"In this matter, the Government of India has called upon the StateGovernment to appear before it with regard to the proposed draft scheme submitted by the State. We direct the Government of India to hear and decide the matter in accordance with law within six weeks. Union of India is directed to file its status report containing its decision. The question whether Government of India should hear all other stake holders or not may also be considered by the Government.

In this matter, we seek assistance of Mr. Gopal Subramanium, learned Additional Solicitor General, as Amicus as the matter is of utmost public importance in which large stakes are involved.

Stand over for eight weeks."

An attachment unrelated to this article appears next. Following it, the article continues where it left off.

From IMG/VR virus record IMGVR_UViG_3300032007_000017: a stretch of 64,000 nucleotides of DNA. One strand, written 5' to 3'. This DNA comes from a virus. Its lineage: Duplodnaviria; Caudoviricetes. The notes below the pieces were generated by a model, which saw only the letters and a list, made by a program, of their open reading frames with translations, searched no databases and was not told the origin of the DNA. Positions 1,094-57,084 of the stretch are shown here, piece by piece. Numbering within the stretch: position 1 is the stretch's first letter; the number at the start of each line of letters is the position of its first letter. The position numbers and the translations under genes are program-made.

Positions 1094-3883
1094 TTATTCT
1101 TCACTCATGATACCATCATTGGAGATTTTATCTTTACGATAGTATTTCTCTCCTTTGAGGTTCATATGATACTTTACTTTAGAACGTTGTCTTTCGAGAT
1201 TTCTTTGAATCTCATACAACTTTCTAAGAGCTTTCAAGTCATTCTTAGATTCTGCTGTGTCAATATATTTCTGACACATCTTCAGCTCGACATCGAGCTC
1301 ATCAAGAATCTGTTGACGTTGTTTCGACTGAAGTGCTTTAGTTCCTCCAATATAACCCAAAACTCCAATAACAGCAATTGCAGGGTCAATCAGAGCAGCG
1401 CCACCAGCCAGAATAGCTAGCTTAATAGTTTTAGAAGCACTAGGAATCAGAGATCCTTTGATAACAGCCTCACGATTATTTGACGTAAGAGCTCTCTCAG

Order dated 15th April, 2008:



As can be seen from the above quoted order, we -5- had directed Government of India to hear and decide the matter regarding the draft scheme submitted by the State of Karnataka within six weeks. It appears that the Central Government has vide Order dated 31st March, 2008 has taken the view that the scheme has to come only through Official Liquidator and not through the State, particularly in view of the winding up of the Company.

Since this Court has decided to monitor, we are directing the Central Government to hear and decide the proposed draft scheme submitted by the State of Karnataka within six weeks from today in accordance with our earlier Order dated 18.2.2008. The Central Government is directed to submit compliance report in that regard within the time bound programme.

List the matter after six weeks on Monday."

Ultimately the scheme of revival stood rejected by Government of India vide its Order dated 20th June, 2008.